This palace in the old harbor town of Jeddah, on the Red Sea, was once characterized by the no longer practiced tradition of multi-storyed coral and teak buildings. The typical, louvered wooden windows and balconies of these buildings have long been renowned for their great beauty and craftsmanship. The site is an isolated, slightly sloping plot in a residential area of Jeddah. It is located on a desert highway and boasts a view of the Red Sea from its southern side. Few building materials are available locally other than sand and coral; timber needs to be imported.
The major spaces are aligned on a central axis, and a standard module (180 x 180 cm) has been used to proportion the many and varied spaces required in the program. The architect has made four distinct delineations:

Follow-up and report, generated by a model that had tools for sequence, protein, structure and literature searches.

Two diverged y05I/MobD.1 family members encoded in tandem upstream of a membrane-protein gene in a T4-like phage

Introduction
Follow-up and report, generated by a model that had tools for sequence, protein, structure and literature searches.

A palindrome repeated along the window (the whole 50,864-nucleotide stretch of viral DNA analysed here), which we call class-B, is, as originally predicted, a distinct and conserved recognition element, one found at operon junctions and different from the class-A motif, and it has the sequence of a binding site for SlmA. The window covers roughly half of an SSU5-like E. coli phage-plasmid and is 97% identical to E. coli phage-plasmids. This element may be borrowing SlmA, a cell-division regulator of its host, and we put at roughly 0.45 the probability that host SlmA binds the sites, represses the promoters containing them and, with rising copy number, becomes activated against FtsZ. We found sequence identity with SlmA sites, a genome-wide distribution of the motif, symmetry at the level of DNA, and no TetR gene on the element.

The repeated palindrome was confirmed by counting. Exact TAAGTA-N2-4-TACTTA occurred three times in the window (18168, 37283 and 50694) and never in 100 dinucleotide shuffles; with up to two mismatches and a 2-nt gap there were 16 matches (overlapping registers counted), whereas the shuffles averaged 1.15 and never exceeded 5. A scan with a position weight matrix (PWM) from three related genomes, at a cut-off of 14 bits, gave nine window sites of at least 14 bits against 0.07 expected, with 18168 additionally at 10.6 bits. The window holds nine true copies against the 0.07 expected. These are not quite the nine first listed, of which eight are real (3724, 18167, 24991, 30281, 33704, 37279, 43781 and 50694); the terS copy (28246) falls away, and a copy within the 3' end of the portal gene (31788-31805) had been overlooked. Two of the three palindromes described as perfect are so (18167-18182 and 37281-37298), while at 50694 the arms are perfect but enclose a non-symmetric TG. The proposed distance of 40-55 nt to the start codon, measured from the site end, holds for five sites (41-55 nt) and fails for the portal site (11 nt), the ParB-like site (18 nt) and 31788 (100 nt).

-Private sleeping quarters grouped around an atrium to the west;
-Public areas located in the center of the site to serve as a transition between public and private, from the open courtyard to the closed family room
-A guesthouse to the east, separated from the public spaces by a vaulted driveway; and
-A service wing on the northern, rear edge of the site separating the swimming pool from the parking area.
Source: Aga Khan Trust for Culture